When he discussed the situation with his general manager, she reminded him that she told him she thought the client was flaky, but he ignored her. They agreed that anytime DeLeon wants to communicate something important, she will write it on a piece of paper and hand it to Moore. “I respond more appropriately to a written message,” Moore says.
Moore is working on being more assertive. “If I see something on a project I did not like, instead of swallowing my reaction, I give it voice,” Moore says. “I'm learning to balance between being a nice guy and protecting myself.”
Moore also reactivated the board of advisors for his new company and now subcontracts all construction. “It is liberating to only have payroll for two people every week,” Moore says. He updated subcontracts to include “paid-when-paid” language. He is more stringent about pursuing negotiated bids. And he faithfully repeats his new mantra — “My job is to go to the bank” — when evaluating issues.
Almar Building and Remodeling
What Happened Terry Quinn took over Almar Construction from his father in 1972 and took on a partner in 1976. At the peak of their business they were running three in-house crews and two sub crews with a sales volume of $384,000. (This is roughly $1.2 million in today's dollars.) When their partnership soured, Quinn closed the exterior remodeling company to separate from his partner.
As the lone salesperson and administrator, Quinn was working 70 hours per week and was a self-described “zombie.” His partner worked 35 hours per week maintaining equipment and heading up one of the five crews. “Legally, it was a partnership, but not by the division of work,” Quinn says. “We did not have an agreement on who was doing what. His attitude was, ‘I'm entitled to half the profits because I own half the business.'”
As the company grew, so did the inequality. Quinn joined a networking group and began educating himself about running a company.
“We set up a real business operation with a storefront. I had a phone room for working leads,” he says.
Quinn had also hired a commissioned salesperson. “He sold at the numbers I set up. If he did not sell, he cost me nothing. But my partner was jealous of this guy — said he was making too much money,” Quinn says.
The company operated on Quinn's capital. “I mortgaged my house to finance the business,” he says. Quinn was making money for the company and his partner was spending it. “He thought if we had $100,000 in the bank, it was money we could spend. He never understood liability, yearly debts, insurance bills, or cash flow,” Quinn says.
Quinn also began hearing about his partner's work ethic and practices. His crew worked four hours per day. He gave equipment to employees to gain their friendship and did things like putting up a gutter on a detached garage because “it needed it,” even though he knew the customer would not pay for it.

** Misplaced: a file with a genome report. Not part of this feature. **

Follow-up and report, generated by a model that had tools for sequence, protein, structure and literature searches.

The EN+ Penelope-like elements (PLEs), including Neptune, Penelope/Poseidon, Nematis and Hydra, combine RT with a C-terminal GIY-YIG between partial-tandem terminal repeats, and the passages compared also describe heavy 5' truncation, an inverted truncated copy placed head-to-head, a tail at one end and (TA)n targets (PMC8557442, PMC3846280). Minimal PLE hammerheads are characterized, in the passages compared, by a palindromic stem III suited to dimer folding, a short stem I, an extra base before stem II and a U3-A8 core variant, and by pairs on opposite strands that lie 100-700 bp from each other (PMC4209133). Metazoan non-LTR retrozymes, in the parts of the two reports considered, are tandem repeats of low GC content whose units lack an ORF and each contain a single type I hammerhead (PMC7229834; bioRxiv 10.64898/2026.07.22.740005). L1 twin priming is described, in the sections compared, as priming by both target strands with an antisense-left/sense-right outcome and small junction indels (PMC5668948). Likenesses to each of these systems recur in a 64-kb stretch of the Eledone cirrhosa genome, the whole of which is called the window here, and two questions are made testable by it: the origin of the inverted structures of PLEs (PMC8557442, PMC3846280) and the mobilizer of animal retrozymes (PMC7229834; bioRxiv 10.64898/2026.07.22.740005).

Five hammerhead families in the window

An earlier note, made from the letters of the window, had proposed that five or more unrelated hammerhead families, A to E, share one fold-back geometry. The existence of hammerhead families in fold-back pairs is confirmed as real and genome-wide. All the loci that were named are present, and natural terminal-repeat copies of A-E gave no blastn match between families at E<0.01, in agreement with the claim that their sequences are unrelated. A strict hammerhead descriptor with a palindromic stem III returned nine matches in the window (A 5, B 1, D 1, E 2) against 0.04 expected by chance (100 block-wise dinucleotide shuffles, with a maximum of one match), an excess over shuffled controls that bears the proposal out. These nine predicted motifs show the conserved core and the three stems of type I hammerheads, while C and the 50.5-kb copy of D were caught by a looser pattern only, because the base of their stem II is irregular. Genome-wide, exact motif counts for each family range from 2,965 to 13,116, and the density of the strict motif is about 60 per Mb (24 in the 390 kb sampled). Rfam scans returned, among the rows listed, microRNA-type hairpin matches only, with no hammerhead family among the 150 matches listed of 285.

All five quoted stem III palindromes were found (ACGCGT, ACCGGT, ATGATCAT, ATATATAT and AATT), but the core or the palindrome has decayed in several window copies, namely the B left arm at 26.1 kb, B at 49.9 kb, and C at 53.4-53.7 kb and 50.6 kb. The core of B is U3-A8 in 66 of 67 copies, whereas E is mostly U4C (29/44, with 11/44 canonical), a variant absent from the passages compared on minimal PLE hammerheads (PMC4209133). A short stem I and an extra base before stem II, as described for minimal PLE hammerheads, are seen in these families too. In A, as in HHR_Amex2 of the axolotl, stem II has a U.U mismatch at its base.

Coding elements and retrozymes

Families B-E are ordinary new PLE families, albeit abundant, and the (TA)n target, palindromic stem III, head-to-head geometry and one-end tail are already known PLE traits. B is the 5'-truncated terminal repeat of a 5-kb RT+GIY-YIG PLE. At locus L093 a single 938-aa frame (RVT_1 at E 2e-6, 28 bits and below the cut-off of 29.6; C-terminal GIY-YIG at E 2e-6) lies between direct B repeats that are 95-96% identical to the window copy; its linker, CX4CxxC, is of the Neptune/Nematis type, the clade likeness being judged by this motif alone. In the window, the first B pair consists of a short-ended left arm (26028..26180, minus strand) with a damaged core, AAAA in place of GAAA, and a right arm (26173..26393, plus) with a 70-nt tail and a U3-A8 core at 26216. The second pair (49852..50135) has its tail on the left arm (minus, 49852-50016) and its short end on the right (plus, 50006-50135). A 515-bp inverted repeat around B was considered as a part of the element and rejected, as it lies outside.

Quinn slowly realized the toll it was taking on the company. “In those days, I did not do job costing well. But I realized his jobs did not make money,” he says. Quinn asked his partner to leave the field and move to doing sales, but he refused.
As the grievances continued to escalate, Quinn decided the only way out was to walk away. The company's assets included the office and warehouse. Quinn took over the mortgage on the real estate, and gave his partner $5,000 for his share. “I paid off all the outstanding invoices with suppliers and gave him all the jobs in progress and all the deposits. I wanted the name of the business because I did not want him running down the name I had worked hard to build,” Quinn says.
That was in 1981. After that, Quinn spent 10 years working for his largest supplier. In 1990, he decided to revive the old company. He changed the name slightly to Almar Building and Remodeling. Now he has two office and seven field employees and expects to reach a sales volume of $1 million this year.
- Business agreements were too loose. There was no buy/sell agreement between the partners, and their duties were not well outlined.
- Partner compensation was not equal to responsibility.
- Too much time spent in the business caused Quinn to lose his perspective.
The new business has the benefit of hard-earned experience. In hindsight, Quinn says he should have put everything in writing, including compensation and a buy/sell agreement. “Compensation has to be equal to the investment. If the partner is a salesperson, they are compensated as a salesperson; if they are a carpenter, they are compensated as a carpenter,” Quinn says. “Then you look at splitting partnership profits.”
He will never take on another partner. “My daughter has joined the business, and she will buy it from me. I won't be her partner,” he says. And she won't have the option of taking on a partner herself. “I have set up an arrangement that will prevent anyone from sharing in the profits of her business,” he says.
Quinn believes strongly in continuing education and wants his workers to understand how to run a business. He shows them the labor burden attached to their job, offers in-house training, and takes them to JLC Live seminars. He also made a vow never to work on weekends.